6. Normal life persisted in going on. The next day the crew was filming at Medeln once more, and Henry and Gavin had to be there. This time, it was Alastair Bannow in front of the cameras. Not surprisingly, Henry was abstracted, hardly a good condition for the man in charge of the day’s interview. Lights and equipment were set up in the centre of the abbey nave, where Henry was to put questions to Dr Bannow. Henry’s side would be replaced later by voice-over, leaving only Bannow’s answers to feature in the final version. Nonetheless, Henry’s role was more responsibility than he liked. What was worse, he at last possessed incontrovertible evidence that Bannow had been right all along, yet he dared not reveal his knowledge to anyone. He found it difficult to look straight into the man’s eyes. ‘Tell me, Dr Bannow. Why do you think Rothenia is such a special place?’ Bannow looked at Henry with some puzzlement, so Henry amplified. ‘Why do you allege that the True Face ended up here, of all places?’ ‘It’s purely a matter of dynastic history, not even divine providence. A series of marriages brought it to this country. Here it has stayed, because the marriage of Fenice of Hungary produced a very long-lasting dynasty still influential in modern Rothenia.’ ‘And where do you suppose the relic might now be found?’ Henry was rather interested in Bannow’s possible answer. Bannow shook his head. ‘I have no idea,’ he confessed. ‘I merely suggest the lineage of the counts of Tarlenheim may know the answer to that question.’ ‘Oskar of Modenehem, the guardian of the present prince, has utterly denied any connection the family might have with such an object. Do you believe him?’ ‘I think there is a case to answer, that is all.’ ‘Can you tell us about the place of the abbey of Medeln in all this?’ ‘As you know, St Fenice was abbess here in the fifteenth century. I have no doubt her Meditation on the Face of Christ was the result of her prolonged contemplation of the True and Holy Face which she brought with her to Rothenia. She must have had it beside her within these walls. I imagine it was concealed here after her death, and for all we know, it may be concealed here still.’ ‘But a detailed survey of the abbey and its precincts has found nothing.’ ‘It is not at all unprecedented for modern-day people to underestimate the talents and abilities of our ancestors. Just because it has not been found does not mean it isn’t here. What are we looking for, after all? It can only be a small, flat object, an ancient painting. Very easy to conceal, I would imagine.’ ‘And this relic, would you say it has any supernatural power?’ ‘The power to do miracles you mean? Oh, I have no time for that sort of thing. The portrait is an amazingly important historical relic, that’s all. It isn’t necessary to descend to superstition. The fact that it may survive is miracle enough for me.’ Henry put several more questions to the man before the producer whisked Bannow away to film in locations around the abbey. Henry and Gavin went for an early lunch at the caterers’ trailer. They took it into the cloisters and sat on the stone benches on the sunny north walk. ‘How are you this morning, baby?’ ‘I’m alright Henry. I don’t feel so weak today. In fact, I feel quite vigorous, all tingly.’ Henry looked at Gavin. Indeed, he did seem full of life and, if it were possible, more robust and larger than usual. His dark eyes seemed to glitter, which all of a sudden caused Henry to notice one reason why Gavin looked so different. ‘Baby? Where are your glasses?’ ‘Funny thing, Henry. My eyesight seems to have improved a bit. The glasses were beginning to make everything look fuzzy, so I stopped wearing them this morning. What do you think?’ ‘What do I think? Gavin, this is really odd. You were short-sighted and needed corrective glasses. Yes, eyesight can improve, but for fifteen- and sixteen-year-olds, not someone who’s nineteen like we are.’ Of all the troubling things that had happened so far, this was the worst. Whatever powers had Gavin in their grip were changing him, not just in personality but even physically. Henry was aghast. Yet how could he stop it? Only by leaving Rothenia in a hurry, he concluded. He gave that option some very serious thought, though in the end decided it would not do. The thing, whatever it was, had Gavin in its power, and that power was plainly tremendous. Would it let Gavin leave? Henry thought not. ‘Baby,’ he finally said, ‘I’ve got to go for a walk. Don’t wander away from the crew, in case you have another of your turns.’ Henry paced along the cloister and took the door into the south side of the abbey church. The interior was empty, apart from the litter of the camera crew. He found his way to the ambulatory and sat in a radial chapel dedicated to St Michael and All Angels, as he later noted. The sun was coming in through the narrow Romanesque windows high up in the walls. Henry meditated deeply on what was occurring to those he loved. How deeply began to be apparent to him by some strange external signs. A vast silence descended on the great church, a silence that extinguished even the creaking and cracking of the ancient building. No sigh of a breeze and no footstep disturbed the profound calm. It was a sentient silence, in which Henry felt he was not alone. At its heart was a presence, warm and accepting. With a rising sense of alarm, Henry realized the presence was reaching out to him. Had this been what Gavin had felt? Henry gradually became aware that an arm had taken his arm, without causing him to flinch, and that someone was sitting next to him where no one had been before. Warm lips kissed his cheek. He turned, and found a familiar handsome and Byronic face smiling into his. ‘Hello, dear Henry,’ his visitor grinned and kissed his cheek. He took his time about it. Henry had to grin back. ‘Randy as ever, Jed?’ The boy looked puzzled. ‘Jed? Oh, you mean …? Well, never mind, Jed will do for now. Henry, I think you can guess why I am here.’ ‘Hopefully to answer some questions.’ ‘Yes, some perhaps. The Council has decided that too much is required of you for you to go into it unprepared. And so in justice to you I was sent into the world, which is a thing that has rarely happened. Mainly I have to warn you of a decision you must make, one that is coming hard upon you. The hour is at hand. Do you understand what I mean?’ ‘The hour of Mendamero.’ ‘That is indeed what I mean.’ ‘Who or what is he?’ ‘Don’t you know? Time will tell you, my dear. But principally you must not forget this. All too soon you will be required to make a choice. When that time comes, do not be afraid of the sacrifice. Remember, those who want to save their life will lose it, but those who lose their life for my sake, they will save it.’ Henry was badly disconcerted at those ominous yet familiar words. However, he managed to shake the fear off. ‘Tell me where the Icon is, please.’ ‘It lies amongst my servants, where they have been laid for many generations. You know where it is. Look into your heart, Henry, child of man.’ At those words, Henry peered deep into the face before him, then straightened up in wonder. ‘You’re not Jed, are you.’ The handsome and boyish countenance smiled and seemed to fade out in the sunlight that suddenly flooded the chapel. All around Henry, the world had returned to life. He heard the buzz of conversation from down in the nave, and the scrape as chairs were moved across a stone floor. He looked at his watch with astonishment. A full hour had passed in what had seemed a few minutes. Henry stood stiffly and gazed about him. He headed back to find Gavin, only to discover the cloister empty. He asked around, but neither the producer nor anyone else had seen Gavin. The boy could not have gone home without a car, and he could not drive. Henry reached for his mobile. *** Terry, David and Ed Cornish were at the abbey within ninety minutes, which indicated to Henry that Terry had flouted quite a few traffic regulations. ‘So you think he’s been kidnapped.’ Terry was tapping his teeth, as he tended to do when he was concentrating. ‘I certainly do.’ Henry was impatient rather than distraught. In the Conan-Doyle phrase, the game was afoot. It was time to be up and doing. Despite having little clear idea what it actually was he should be doing, Henry was certain great events were happening and probably not too far away. He knew he was meant to be part of them, if only he could figure out what they were. ‘Who has kidnapped him?’ Henry took a deep breath. He really had no time for this. ‘There is a Rothenian organisation called the Priory of St Veronica which believes Gavin may be the key to a great secret. He isn’t, but that won’t stop them taking him apart until he tells them something.’ ‘Who’s behind this organisation?’ ‘There are a Master and twelve Acolytes. The Master is Piotr Bermann, remember him?’ ‘Oh yeah. Now things are sounding more likely. But what is this secret?’ ‘It’s the secret that Alastair Bannow is on about, the whereabouts of the Icon.’ David stared at Henry. ‘But that’s a pile of total crap!’ Henry took another deep breath. ‘I thought so once, but even before we got here I was turning up new evidence that persuaded me this thing really does exist. You remember that day at the British Museum, Ed? Not only does it exist, but over the past few weeks it’s been gradually taking over my Gavin. He’s changing and I can’t protect him. Oh God!’ Henry was suddenly in floods of tears, head in hands. He felt a familiar powerful set of arms embrace him and – half reluctantly – he nestled into the tall man who whispered in his ear, ‘Easy, little babe!’ Henry heard Terry’s voice say quietly and compassionately, ‘Where is this thing Henry? Do you know?’ ‘No,’ he sniffed. ‘But Countess Helge does.’ ‘Helge? Good God!’ ‘Yes, Helge. She is what’s called the Levite, the guardian of the Ark in which the relic is kept.’ Henry looked up through wet lashes at an astonished David. ‘Henry, you really have excelled yourself this time.’ As if in reaction, Henry gave a sobbing laugh. Terry was his usual decisive self. ‘Alright, favourite babes, in the car and quick. We go to find the countess.’ The car tore off to the ridge road. It was a large and powerful BMW, which explained the speed with which Terry had covered the distance from Strelzen to northern Husbrau. Within minutes they were at the lodge of Templerstadt, and the porter was slowly pulling back the great gate. As they reached the house, Henry was already opening the car door. He pounded into the main range, shouting for Marek the chamberlain. A surprised Marek eventually appeared in an apron stained with polish. ‘Mr Atwood, sir?’ ‘Where is the countess, Marek?’ ‘I believe she is here, sir. She was entertaining Professor Wardrinski, who was not filming today at the abbey. Have you tried her suite?’ Henry raced upstairs. He found the door to her rooms ajar and went in without knocking. There was no sign of her, but there was a chair knocked over, and her copy of the works of St Fenice was flat on the carpet. Glaring up at Henry was the phrase His Ark lieth amongst thee in its chamber of cypress wood. His servants lie wakeful around it, as Samuel in the Holy of Holies. Terry quickly searched the room. ‘There’s been a struggle, Henry. It looks as though your friends have done more than one kidnap today. How did they get into the house unobserved?’ ‘There is a cart track and a ride that leads up from the valley. A four-wheel drive could probably get quite close to the back of the house without being observed.’ ‘So what now, sweet babe?’ Terry asked. ‘Have you any clue where they would go?’ Henry thought. The boy in the vision in the abbey had told him that he did know the location of the Ark. He looked wildly around Helge’s room. There were a series of watercolours on the walls. They showed places around Terlenehem and Modenehem dear to the countess. Directly ahead of Henry was a picture of the church of Terlenehem, with the Tarlenheim mausoleum behind it. His Ark lieth amongst thee in its chamber of cypress wood. His servants lie wakeful around it, as Samuel in the Holy of Holies. ‘My God!’ Henry shouted. ‘That’s it. How could I have been so stupid!’ ‘What? Tell us, Henry.’ ‘Once you know that the Levites were Tarlenheims, where else could the Ark be but in their mausoleum? That’s where its servants lie resting. That’s where Fenice was placed when she was moved by Osra from Medeln. The mausoleum was built at the same time as the abbey was renovated. It’s so obvious – so bloody obvious that those bastards in the Priory must know it too. That’s where they are!’ *** The streets of the small town of Terlenehem were deserted, though the Rose restaurant seemed to be enjoying a busy trade. A coach party of US tourists had crowded it out, probably doing the Bannow trip. If only they knew, Henry mused. Several large cars were parked by the church gate, including a familiar black SUV and a big four-wheel drive. Henry heard a click beside him. Terry had drawn his gun and checked the magazine. Henry took a deep breath. The four of them flitted from gravestone to gravestone, Henry in the lead. ‘Stop, Henry,’ Terry said, as they reached the corner of the church tower. ‘They’ll have posted sentries. Let me go first. David and Ed, keep back. If you hear a shot, call for the police direct. Ed, you’ve got enough Rothenian to make the call, yes?’ Ed nodded and bit his lip. ‘Henry, you’re with me.’ Terry was down on his belly, regardless of the fate of his suit. Henry squirmed after him. Terry paused behind an altar tomb to sneak a look. ‘One sentry, and he’s keener on trying to see what’s going on inside than looking out. He’s dead meat. Stay put, sweet babe.’ Terry was off on his belly at a surprising pace. Henry quickly lost sight of him. An instant later there was a thud as Terry brought the sentry down. He signalled and Henry came running, to find that Terry had already used his own tie as a gag, and the man’s belt to bind him with. The iron gates of the mausoleum were open. The wreaths Oskar and Fritz had placed on them were still there, though fading. Henry looked into the black arch that lay beyond. A miasma seemed to reach out from it and chill his heart. He sensed that death lay beyond the arch in more ways than one. He swallowed hard. ‘Terry, I’ll lead. Whatever’s in there knows I’m coming, even if Bermann does not.’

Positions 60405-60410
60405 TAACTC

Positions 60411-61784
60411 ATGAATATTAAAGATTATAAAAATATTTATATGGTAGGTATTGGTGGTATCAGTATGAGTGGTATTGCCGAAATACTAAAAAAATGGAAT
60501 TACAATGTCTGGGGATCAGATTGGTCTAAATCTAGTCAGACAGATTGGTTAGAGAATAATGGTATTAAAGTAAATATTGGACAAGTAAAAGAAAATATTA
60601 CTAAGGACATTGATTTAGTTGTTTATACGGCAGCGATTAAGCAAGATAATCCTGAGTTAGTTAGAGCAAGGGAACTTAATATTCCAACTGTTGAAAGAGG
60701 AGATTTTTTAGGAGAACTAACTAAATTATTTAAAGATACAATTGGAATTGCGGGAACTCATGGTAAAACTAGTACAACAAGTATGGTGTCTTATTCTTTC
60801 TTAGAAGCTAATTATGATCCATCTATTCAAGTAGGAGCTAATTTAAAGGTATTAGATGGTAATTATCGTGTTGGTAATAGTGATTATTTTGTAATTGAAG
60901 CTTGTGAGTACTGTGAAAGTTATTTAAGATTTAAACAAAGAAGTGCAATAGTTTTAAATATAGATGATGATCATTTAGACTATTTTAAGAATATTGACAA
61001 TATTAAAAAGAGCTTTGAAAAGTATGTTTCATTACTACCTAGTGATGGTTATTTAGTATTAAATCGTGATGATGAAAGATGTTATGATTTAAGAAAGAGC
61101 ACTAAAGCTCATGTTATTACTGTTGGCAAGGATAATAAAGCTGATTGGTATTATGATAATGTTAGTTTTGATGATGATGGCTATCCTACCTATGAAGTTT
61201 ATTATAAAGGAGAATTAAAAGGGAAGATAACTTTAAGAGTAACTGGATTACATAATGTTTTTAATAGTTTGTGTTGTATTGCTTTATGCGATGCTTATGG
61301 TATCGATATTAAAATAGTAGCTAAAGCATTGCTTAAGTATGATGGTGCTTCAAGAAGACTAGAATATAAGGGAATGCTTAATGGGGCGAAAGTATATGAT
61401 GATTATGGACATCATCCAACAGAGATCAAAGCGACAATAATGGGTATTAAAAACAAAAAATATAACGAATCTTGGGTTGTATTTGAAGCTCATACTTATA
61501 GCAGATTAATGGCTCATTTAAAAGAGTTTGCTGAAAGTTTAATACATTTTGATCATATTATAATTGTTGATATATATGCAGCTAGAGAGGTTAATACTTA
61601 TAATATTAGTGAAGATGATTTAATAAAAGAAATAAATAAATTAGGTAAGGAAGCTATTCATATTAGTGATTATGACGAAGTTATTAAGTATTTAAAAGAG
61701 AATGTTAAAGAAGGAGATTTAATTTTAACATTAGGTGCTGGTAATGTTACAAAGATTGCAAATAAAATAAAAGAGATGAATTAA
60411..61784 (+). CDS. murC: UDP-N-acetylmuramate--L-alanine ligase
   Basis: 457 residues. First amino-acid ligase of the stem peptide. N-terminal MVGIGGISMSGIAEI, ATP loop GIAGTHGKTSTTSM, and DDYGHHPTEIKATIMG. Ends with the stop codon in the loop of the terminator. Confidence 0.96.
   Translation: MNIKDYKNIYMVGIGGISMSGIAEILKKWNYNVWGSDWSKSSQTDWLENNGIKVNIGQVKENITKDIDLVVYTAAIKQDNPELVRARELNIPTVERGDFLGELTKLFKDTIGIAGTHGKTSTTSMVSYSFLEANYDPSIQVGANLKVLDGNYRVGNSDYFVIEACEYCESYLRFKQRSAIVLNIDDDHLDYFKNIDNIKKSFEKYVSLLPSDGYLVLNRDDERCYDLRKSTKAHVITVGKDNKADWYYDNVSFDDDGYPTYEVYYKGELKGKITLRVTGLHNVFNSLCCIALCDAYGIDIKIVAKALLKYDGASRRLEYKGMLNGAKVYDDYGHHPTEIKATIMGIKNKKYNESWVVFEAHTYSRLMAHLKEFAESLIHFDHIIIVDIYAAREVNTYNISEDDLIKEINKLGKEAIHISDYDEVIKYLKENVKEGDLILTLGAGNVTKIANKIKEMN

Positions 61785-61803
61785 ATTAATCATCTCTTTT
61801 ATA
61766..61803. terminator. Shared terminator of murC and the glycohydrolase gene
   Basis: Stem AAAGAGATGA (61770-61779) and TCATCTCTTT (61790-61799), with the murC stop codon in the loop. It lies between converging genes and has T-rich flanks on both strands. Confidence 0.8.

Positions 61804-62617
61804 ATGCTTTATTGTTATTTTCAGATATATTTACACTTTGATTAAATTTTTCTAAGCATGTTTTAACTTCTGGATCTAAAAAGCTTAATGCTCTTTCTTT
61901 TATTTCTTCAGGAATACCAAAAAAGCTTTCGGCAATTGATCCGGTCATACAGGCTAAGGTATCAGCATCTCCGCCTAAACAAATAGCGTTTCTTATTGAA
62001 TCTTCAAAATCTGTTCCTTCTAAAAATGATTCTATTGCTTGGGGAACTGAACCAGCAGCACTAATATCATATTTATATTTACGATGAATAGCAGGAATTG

7. Henry intercepted Oskar and Fritz as they descended the stairs to the side door of the palace. Oskar was still in his uniform, while Fritz had changed into black trousers and a plain white shirt. Oskar carried a long leather case, which Henry assumed contained the swords for the duel. ‘You may not come, Henry. It will not be allowed,’ frowned Oskar. ‘Will you two please come to your senses?’ Henry pleaded. ‘This is the end of the twentieth century.’ ‘That may be so, Henry,’ replied Fritz stiffly. ‘But there have been counts of Tarleneheim for ten centuries and, in all those years, our honour has been unassailed. A blow, even from a king, touches that honour too closely. There will be satisfaction.’ Henry began to get angry, yet it came out not as resentment but as a considered rebuke. ‘You are fools, the pair of you. This isn’t honour, it’s vanity masquerading as dignity. You are not the man I took you for, Franz of Tarlenheim. I will be leaving this house. I can’t bear it.’ Fritz was hurt by Henry’s words, so much was clear. He looked sad. ‘Then at least wish me well, my old friend.’ Henry’s eyes filled with tears. ‘I can’t do that, Fritz. I can only pray you come to your senses before it’s too late. I won’t be here when you return.’ Fritz hesitated, looking at his brother, but the prince surfaced again behind his eyes. Without a further word, he passed out of the palace into the dim and empty streets of the city, where a black car waited in the dawn light. Servants were already moving around the palace. Henry asked the under-chamberlain to pack his and Gavin’s gear. Then he used the hall phone to secure a double room for them at the Holiday Inn. He woke Gavin gently, telling him to dress quickly because they were leaving. He explained things to Gavin while his puzzled lover shaved and a servant removed the bags to the hall. Gavin was mute as they went down. Helge was waiting at the door with the dog, Marietta. ‘There is no male of our house to give you the parting blessing, my dear friends, so I hope you will accept it from me.’ Henry said they would be honoured. The countess pronounced the words and kissed them both on the forehead. There were tears in her eyes as she did so. Henry grasped her hand and fervently wished that things would end happily. The taxi ticking outside the main palace arch whisked them away south in the direction of the airport. As they went, Henry raised Matt on his mobile and, without apologising for the early call, filled him in on the serious turn of events. ‘My God!’ Matt exclaimed. ‘I must rouse Will and Tomas. If this gets known to the media, all hell will break loose, let alone if one of those idiot boys kills the other. Tomas needs to be at Eastnet to monitor things. Henry, get a taxi over to the Strelsenermedia studios as soon as you finish checking in. Charge it to the firm. I’ll meet you there.’ It was seven when Henry reached the studios in the Old City. The streets remained empty. In the newsroom, however, there was a subdued bustle and great curiosity as to why the CEO and the Director of News Programming had turned up unexpectedly before the night shift left the offices. Matt was waiting for Henry at the door. ‘Felip is at the statue of King Henry in his car,’ Will informed them. ‘He’s keeping an eye on traffic in and out of the palace. He says a military ambulance arrived ten minutes ago, lights flashing.’ ‘Oh God, doesn’t look too promising does it.’ Matt groaned. ‘No,’ Will agreed. ‘Curses. There’s no penetrating the Residenz and we have no one inside we can contact.’ Henry piped up at this point. ‘Fool that I am. There is someone!’ He rang Ed’s mobile number, and after a minute a sleepy voice murmured, ‘Yeah?’ ‘It’s Henry. Ed, get your bum out of bed, and listen to me.’ He explained what had happened the previous night. ‘Now if you’ve got that, shift yourself and scout the palace. Find Colonel Antonin, he’s a mate of yours. He is Rudi’s second.’ Ed sputtered, but seemed to have taken it all in. He rang off in a hurry. The men in the studio paced silently up and down waiting for news. Felip called to say that the palace seemed quiet. There was no sign of a returning ambulance, which could either be good news or the worst. Henry’s mobile chirped and he flipped it open. ‘Little babe?’ ‘Ed?’ ‘There’s been a casualty, that’s for sure. Soldiers have sealed off the palace gardens, and Colonel Antonin is there looking very stern. I saw paramedics at work on the terrace, before a guardsman insisted I return inside. I had no choice. He pointed his gun at me.’ Henry relayed the news to a shocked Matt, Tomas and Will. Will looked at Matt. ‘It’s in the public domain once blood has been spilled. Matt, I’ve got to do this.’ He turned to his news editor. ‘Tomas, get on to the palace and challenge them to confirm or deny that there has been a duel involving the king.’ Tomas nodded and went off to find a phone. Henry tried in the meantime to get more news out of Ed, who could only report that the entire garden front of the palace had been closed off. Even the servants were being turned away. Tomas returned after fifteen minutes. ‘The palace press office has denied the stories about a duel, but does say there was an unfortunate accident in the park as the king was jogging with his friend, the prince of Tarlenheim. A statement is to be issued in an hour.’ Felip rang at that point to tell them he was in pursuit of the ambulance, which was speeding out of the palace gate with police outriders. Another ten minutes and he rang again to let them know the ambulance was heading towards the military hospital. The morning bulletins were holding off on the news until the palace statement. Will drove across the city to hear it being given live. Eastnet cameras went with him. The statement was not read by Oskar, but by one of the under-secretaries. Henry watched it in Matt’s office. ‘This morning at six-thirty, His Majesty the King took his early morning exercise, running circuits of the palace park. He was accompanied by his private secretary the count of Modenehem and by his good friend the prince of Tarlenheim. In the course of running, the prince lost his footing and fell badly on some gardening equipment. He is currently in critical condition at the Strelzen Sector Military Hospital. His Majesty and the count did what they could to assist the prince, but he had lost a lot of blood by the time paramedics reached the scene. The king will join the prince’s family at his bedside.’ ‘Jesus Christ!’ Henry exclaimed. ‘The poor fools went through with it. What are you going to do with the story, Matt?’ ‘I imagine Eastnet will repeat the palace line. Anything else would be too damaging to the king. If word gets out about a duel, it can only be rumour. It makes me wonder what to make of Rudi. How could he endanger all he has accomplished by such an obviously reckless act?’ ‘He has that Elphberg temper, Matt,’ sighed Henry. ‘We saw it on display enough at school.’ *** Henry, Gavin and Ed went to the hospital late in the afternoon, but Fritz was receiving no visitors. Oskar was in the foyer, looking awful. He kissed Henry and hugged him tightly. ‘You were right little Henry, so right.’ ‘How is he, Oskar?’ Oskar gathered his wits. ‘The duel was ill-matched. The king can handle a sword like a master-of-arms. I suppose I might have guessed it would have been a skill he acquired. He was in the Eton fencing team, apparently, before he went to your school at Medwardine. He is as stern a man as any of his ancestors. He was fighting to kill from the beginning, or so it seemed to me, whereas Fritz fought like a boy at an exercise. He hesitated far too often. The king took first blood with a deep slash across Fritz’s nose and right cheek. Alas, his looks will never be the same. Despite the pain and the blood, Fritz fought back hard and had the king open for a stabbing stroke, but he paused, giving the king the chance to run him through the gut. He was unconscious as he dropped. Like a man woken out of a dream, the king fell on his knees beside Fritz. I only hope the woman they fought over was worth the horror of that moment. It was the most terrible thing I have ever witnessed. I cannot talk to Helge. The look on her face when I told her was dreadful. She is with the boy now, and will not leave him.’ Peter Peacher arrived at that point to take Oskar away. Ed looked at Henry and Gavin. ‘Babes, there doesn’t seem anything we can do here.’ ‘I want to stay, Ed,’ said Henry. ‘Me too,’ echoed Gavin. And so they did, though Ed left after a while. Henry was not reassured by the appearance of an army chaplain carrying the Host in a bag round his neck and wearing a purple stole. He knew too well what they signified. While the chaplain was inside the room, Helge came out and looked solemnly at the young men. She sighed. ‘He’s sinking, dear boys. The internal bleeding was too great and his organs are failing.’ Henry felt hot tears in his eyes. ‘He can’t be dying, Helge!’ But she shook her head. Then Henry remembered something. ‘Helge, the black coach did not enter the palace last night! There was no omen of the death of a Tarlenheim. There is still hope.’ ‘Not in medical science, Henry.’ Suddenly she caught her breath. She moved forward and clasped Gavin’s face between her hands, staring deep into his eyes. An instant later she took his hand and pulled him with her into the room. Henry followed them. Fritz lay with his eyes open, pale and wired up to a lot of equipment. His lips were moving in response to something the chaplain had said. Helge asked the priest to give them a moment. He looked surprised but did as she requested. Helge went up to her brother and whispered into his ear. He gave a mute nod and his eyelids began drooping. Helge stood Gavin opposite her. He appeared a little scared, looking down on poor Fritz. Helge took Gavin’s right hand and placed it on Fritz’s forehead. She said a few low words to Gavin, who closed his eyes. Then she took from a pouch around her neck a metal object. She touched it to Gavin’s forehead and said some more words. He stiffened involuntarily, and began swaying slightly where he stood. Everything went very quiet. Henry felt rather than heard an insistent hum in the air. He thought he recognised it. There was no doubt that something was happening. Gavin’s hand on Fritz’s forehead took on a strange look, almost as if he were clasping the head of an electric torch. The hand became translucent the way alabaster is. The hum in the air became yet more insistent. Fritz suddenly arched on the bed, and took in a great gulp of air. His eyes shot open, and he stared round wildly. At that moment, Gavin collapsed. Henry ran to his boyfriend, dropping down beside him on the floor and nestling his head. Henry looked up at Helge. ‘What just happened? What did you do?’ Helge gazed at him with a strange, almost compassionate look and said only, ‘The warrior of God is come and his hands bring healing, not death.’ ‘Is Gavin Mendamero?’ Henry demanded. ‘No, Henry, but like David of Israel, he is both prophet and prophesied. The crisis is upon us, and you must help me.’ ‘So you are the Levite!’ ‘I am the Levite.’ *** ‘You bloody well deserve that scar,’ Henry growled unsympathetically. ‘You are a hard man, Henry.’ Fritz, still a little pale, was by then sitting up in bed. The tubes had been removed from him, though the monitor had yet to be disconnected. The doctors were finding it difficult to forgive him for recovering so abruptly when the prognosis had been so grim. ‘The plastic surgeons will make most of it disappear. What’s left will remind you not to be such a bloody arsehole in future.’ ‘I am very contrite. But I couldn’t stab the king when it came down to it, even though I had him at my sword’s point. Give me some credit for that, Henry the Merciless.’ He paused. ‘You think it makes me look a little dashing, romantic even? The fencing scar used to be highly regarded in the old days.’ ‘It makes you look as though your face is falling off, Fritzy, you idiot.’ ‘Kiss me Henry.’ Henry pecked him on the lips. ‘No, properly.’ And Henry reluctantly closed in for the sort of deep kiss he liked to share with David and Justin. ‘What was that about, Fritz?’ Henry wondered as he broke off. ‘I needed to find out if I was still attractive, of course. I shall not be needing my looks to pursue Harriet Peacher any more. So maybe I’ll try my luck with the boys. I had better hope Harriet never finds out what the king and I did, or she may decide to finish me off. It seems she and Rudi really are falling for each other. Oskar says the two of them are off on a joint holiday before university resumes. A bit immature and hasty, don’t you think?’ It had been a week since the duel. Strelzen was buzzing with rumours of a royal romance, which had already spread to the English-language tabloids. The idea of Her Majesty Queen Harriet of Rothenia was exciting the world’s press. Nowhere was the interest more intense than in the States. The potential queen was after all a US citizen, and this was a far bigger thing than Princess Grace of Monaco had been. Henry took his farewell of Fritz after promising to visit again and let him know how Gavin was doing. Henry frowned. Gavin was not exactly ill, but he was not himself at all. When he had come around in Henry’s arms, he had been weak and distant. Henry had taken him back to their hotel room, where Gavin had finally been able to get about on his own feet. Once on the bed, however, he had gone off into a somnolent state as if what had occurred had drained him. ‘What happened, Gavin?’ Henry had asked as soon as his lover appeared more connected. ‘I’m not sure, Henry. I was standing there feeling sorry for Fritz, who is a really lovely human being and was so horribly mangled. Then I met Helge’s eyes and I felt someone telling me I could help him. She put something cold on my forehead, and the next thing I knew I was down on the floor.’ ‘Don’t you remember anything?’ ‘There was that nice warm feeling again, and – don’t think I’m being silly here – it seemed I was very close to someone who loved me. It was the same way I feel when we’re together, my Henry, but even deeper.’ ‘Did you know you cured Fritz?’ ‘I can’t believe that.’ ‘A light came from you, baby, and some sort of power. Something uncanny happened.’ Henry had been unable to get anything further from Gavin. He finally had to accept that Gavin really knew no more than he was saying. *** After leaving Fritz, Henry picked up Gavin from the hotel and they made their way to meet Helge at the Veronkenkirche, the church of St Veronica. It was a large, fifteenth-century parish church in the Old City, tucked under the south walls of the Benedictine abbey of St Waclaw, a Gothic barn of a place. It clearly had some deep meaning for Helge. She had said she had a lot to ask Gavin and a lot to tell him. Henry perceived that Gavin was in for a crash course in religious expression. Henry delivered Gavin to Helge at the church’s south door, but was not allowed to stay as the two talked. He had found the Levite, but she would not answer any of his many questions. He grimaced in frustration. In any case, Henry had to go back to the Strelsenermedia offices on the other side of the hill for a consultation with Matt. The next day they would be off to Medeln once again, this time to film Dr Bannow, and Matt wanted to be fully briefed. When Henry returned to the Veronkenkirche at five he entered, to find Helge and Gavin were still talking. They were sitting together in a large box pew at the head of the nave, Helge holding Gavin’s hand. Henry loitered within the door. Chancing to look up at the medieval stained glass above him, he was astounded to see another rendition of the Vision of Fenice, in the half-window above the door. He was no expert but Henry had learned enough about architecture in his Trewern days to recognise the window dated from the time of Fenice herself. It occurred to him later that the face of the saint in the glass might well have been painted by someone who had seen the lady herself in the flesh. The subdued conversation between Helge and Gavin ended, and they rose to approach him. Henry looked intently at his lover’s face, and what he saw there did not reassure him. Gavin had always been open. His emotions usually chased themselves across his face with no attempt at concealment. Now a veil had descended. Henry could not tell whether it was because of some inner turmoil or because his baby had been changed by his recent experiences. What he did know was that it deeply troubled him. He decided he was not going to let Helge get away from him again. When she and Gavin stood up, he was quick to buttonhole her. ‘Helge. I must know. What is happening to Gavin?’ She gave him an unfathomable look. ‘I wish I could tell you Henry, but I really don’t fully understand it. We Levites only know that one day a crisis will come and the Icon will be threatened. St Fenice does not tell us the nature of the threat, only that a warrior will be found to defend the great relic. How he is to do it is unknown.’ ‘Do you think Gavin is changing? Does he have … powers?’ ‘No, I don’t think so, Henry. It is only that he can be a channel for a very great power, something that has been slumbering for many centuries but is now awakening.’ ‘And Mendamero?’ ‘He is the key to the mystery. I imagine that Mendamero will be the one with the answers, not I. We Levites are only keepers, Henry. We keep the secret safe. We are no more than caretakers, but even such a lowly charge is one of great trust and honour. “I had rather be a doorkeeper in the house of my God than to dwell in the tents of ungodliness.” The psalmist had it right. It is the watchword of our order. Look at this.’ From the same little bag about her neck that Henry had seen in Fritz’s sickroom, Helge produced a silver object. Henry stared at it as she held it up in the palm of her hand. It was a skull badge, and Henry needed no great expertise to conclude that it was medieval in origin. It was set in a figured band, around which was embossed the legend: CONSISTERE MALO IN LIMINE DOMVS DEI MEI: QVAM MORARI IN TABERNACVLIS PECCATORVM. Henry was awed. ‘Is this the same brooch that St Fenice wore in her day?’ ‘It is.’ ‘And what about the brooch the Elphberg Levites wore?’ ‘That was buried with Queen Flavia in 1880. It was thought her line had come to an end, of course. Now it seems we were premature, and should have had more faith in the prophecies.’ ‘What do you know about these skull talismans, Helge?’ ‘I believe they were made for Countess Fenice and Duchess Osra when they entered the abbey of Medeln. However, there is more to them than simple ornament. The silver from which they were made is older than their fashioning. I believe the metal was once in very close contact with the Face itself, perhaps as clasps on its framing. They may have been brought up out of Constantinople, Satala or even Edessa. You may touch it, Henry.’ Henry gingerly extended a finger towards the skull. The metal was strangely cold, despite having been held in a human hand. It seemed to shiver very slightly or vibrate to the touch. Henry gasped, ‘It’s alive, Helge!’ ‘Yes, I think it is. It draws its life from the relic, which is why I had to see what happened when it touched Gavin. As I had speculated, it opened up a channel between him and the relic, whose strength could then flow through him. Nor did it just flow. Gavin was able to direct it. He feared for Fritzku’s life. I’m sure he was praying for Fritz in his way, and so the power turned to my brother’s healing.’ ‘Have you ever seen the Icon, dear Helge?’ ‘No, Henry, only in the greatest peril and necessity may we so much as approach it. Like the Ark of the Covenant, it is not safe for even the godly to touch. Our task is to conceal it.’ ‘But you know where it is.’ ‘It is in the possession of the handmaiden, dearest Henry, and its servants lie wakeful about it. That is all you need to know. It is safe.’ ‘If it really is safe, Helge, why are you so concerned? And why is Gavin now revealed as the prophesied warrior?’